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Questionnaire: Candida Höfer Related Press Questionnaire: Candida Höfer Frieze : 17 January 2017

What images keep you company in the space where you work?Susanne Bürner: Tree Still (Sage), Tree Still (Coriander) and Tree Still (Chives) (all 2000). What was the first piece of art that really mattered to you?It was a work by Man Ray that I saw in an exhibition a very, very long time ago: The Lovers (1936).If you could live with only one...

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Of Time, Places and People: 'Time of Others' at the Singapore Art Museum Related Press Of Time, Places and People: 'Time of Others' at the Singapore Art Museum 12 January 2016

Singapore Art Museum’s (SAM) latest exhibition Time of Others, which opened on 21 November 2015, is a curatorial collaboration with three other distinguished museums exhibited in four locations in three countries: the Museum of Contemporary Art, Tokyo (MOT), National Museum of Art, Osaka (NMAO) and the Queensland Art Gallery | Gallery of...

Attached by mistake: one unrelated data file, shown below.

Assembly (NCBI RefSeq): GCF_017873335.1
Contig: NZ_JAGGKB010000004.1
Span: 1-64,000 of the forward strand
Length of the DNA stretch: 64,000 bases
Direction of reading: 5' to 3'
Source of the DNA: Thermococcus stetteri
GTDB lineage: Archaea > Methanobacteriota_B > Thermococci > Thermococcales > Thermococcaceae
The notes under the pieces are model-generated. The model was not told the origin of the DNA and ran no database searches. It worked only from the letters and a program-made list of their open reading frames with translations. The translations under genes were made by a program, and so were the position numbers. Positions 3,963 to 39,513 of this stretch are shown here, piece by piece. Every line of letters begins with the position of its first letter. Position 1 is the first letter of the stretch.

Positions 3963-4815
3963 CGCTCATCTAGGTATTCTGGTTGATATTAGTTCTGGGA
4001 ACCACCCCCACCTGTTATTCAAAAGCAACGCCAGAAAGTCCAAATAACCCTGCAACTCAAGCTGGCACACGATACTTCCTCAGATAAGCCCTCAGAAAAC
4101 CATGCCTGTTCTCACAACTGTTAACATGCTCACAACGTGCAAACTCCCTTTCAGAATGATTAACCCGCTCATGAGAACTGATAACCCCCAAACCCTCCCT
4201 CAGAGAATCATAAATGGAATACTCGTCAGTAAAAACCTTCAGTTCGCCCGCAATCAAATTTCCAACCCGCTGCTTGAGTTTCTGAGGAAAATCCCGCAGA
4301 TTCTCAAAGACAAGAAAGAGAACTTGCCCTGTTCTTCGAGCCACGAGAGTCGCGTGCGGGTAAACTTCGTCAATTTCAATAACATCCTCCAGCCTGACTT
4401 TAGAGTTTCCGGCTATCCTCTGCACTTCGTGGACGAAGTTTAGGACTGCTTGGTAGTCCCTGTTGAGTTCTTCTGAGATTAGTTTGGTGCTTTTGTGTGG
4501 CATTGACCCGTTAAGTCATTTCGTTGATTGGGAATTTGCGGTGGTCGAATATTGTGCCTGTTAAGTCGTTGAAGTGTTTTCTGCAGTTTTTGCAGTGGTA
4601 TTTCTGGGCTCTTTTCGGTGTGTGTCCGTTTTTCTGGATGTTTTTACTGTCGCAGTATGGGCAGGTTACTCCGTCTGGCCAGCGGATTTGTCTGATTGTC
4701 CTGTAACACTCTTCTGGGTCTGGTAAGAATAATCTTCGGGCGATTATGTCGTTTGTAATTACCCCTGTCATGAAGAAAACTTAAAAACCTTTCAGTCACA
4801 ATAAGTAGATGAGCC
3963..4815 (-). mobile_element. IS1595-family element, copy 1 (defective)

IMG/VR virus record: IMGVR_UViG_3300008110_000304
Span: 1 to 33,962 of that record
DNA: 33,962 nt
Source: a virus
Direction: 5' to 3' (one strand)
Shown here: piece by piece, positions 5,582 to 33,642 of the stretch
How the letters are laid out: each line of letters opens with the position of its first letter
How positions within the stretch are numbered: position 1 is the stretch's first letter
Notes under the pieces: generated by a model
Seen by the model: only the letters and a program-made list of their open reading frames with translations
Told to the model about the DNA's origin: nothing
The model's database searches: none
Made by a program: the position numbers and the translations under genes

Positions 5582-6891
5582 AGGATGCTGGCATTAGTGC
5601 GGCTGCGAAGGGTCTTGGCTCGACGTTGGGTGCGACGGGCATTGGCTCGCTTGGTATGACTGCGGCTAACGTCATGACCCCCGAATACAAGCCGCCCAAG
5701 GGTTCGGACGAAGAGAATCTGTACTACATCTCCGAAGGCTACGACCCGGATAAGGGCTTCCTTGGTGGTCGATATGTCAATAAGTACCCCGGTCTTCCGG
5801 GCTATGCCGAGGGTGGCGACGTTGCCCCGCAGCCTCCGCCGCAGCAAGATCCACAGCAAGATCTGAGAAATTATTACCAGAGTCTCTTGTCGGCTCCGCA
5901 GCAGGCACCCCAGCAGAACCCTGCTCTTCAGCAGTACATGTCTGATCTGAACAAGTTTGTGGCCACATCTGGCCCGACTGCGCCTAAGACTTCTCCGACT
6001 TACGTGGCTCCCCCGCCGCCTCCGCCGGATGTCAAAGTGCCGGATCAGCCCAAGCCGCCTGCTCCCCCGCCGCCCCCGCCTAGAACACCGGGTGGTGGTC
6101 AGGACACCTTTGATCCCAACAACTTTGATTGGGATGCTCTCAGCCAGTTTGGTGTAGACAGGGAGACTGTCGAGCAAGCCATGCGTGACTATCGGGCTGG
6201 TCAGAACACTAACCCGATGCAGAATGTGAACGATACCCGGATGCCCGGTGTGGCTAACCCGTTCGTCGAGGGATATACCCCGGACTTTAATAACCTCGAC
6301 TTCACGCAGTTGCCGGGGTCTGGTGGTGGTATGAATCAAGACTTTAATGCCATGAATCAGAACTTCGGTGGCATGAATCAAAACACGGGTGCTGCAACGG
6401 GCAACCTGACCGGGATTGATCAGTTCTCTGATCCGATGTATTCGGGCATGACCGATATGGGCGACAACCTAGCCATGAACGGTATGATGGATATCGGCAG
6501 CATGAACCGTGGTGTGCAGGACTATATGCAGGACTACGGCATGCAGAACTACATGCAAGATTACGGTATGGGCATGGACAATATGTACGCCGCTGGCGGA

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On Kawara at the Guggenheim Museum, New York Related Press On Kawara at the Guggenheim Museum, New York The New York TImes : 6 February 2015

The seemingly dry, narrow-gauge art of the Conceptual giant On Kawara is profound — profoundly simple, human and deep. And, as proved by that artist’s first full-dress retrospective, “On Kawara — Silence” at the Guggenheim Museum, its quality is most apparent when it is seen in quantity.Mr. Kawara, who was born in...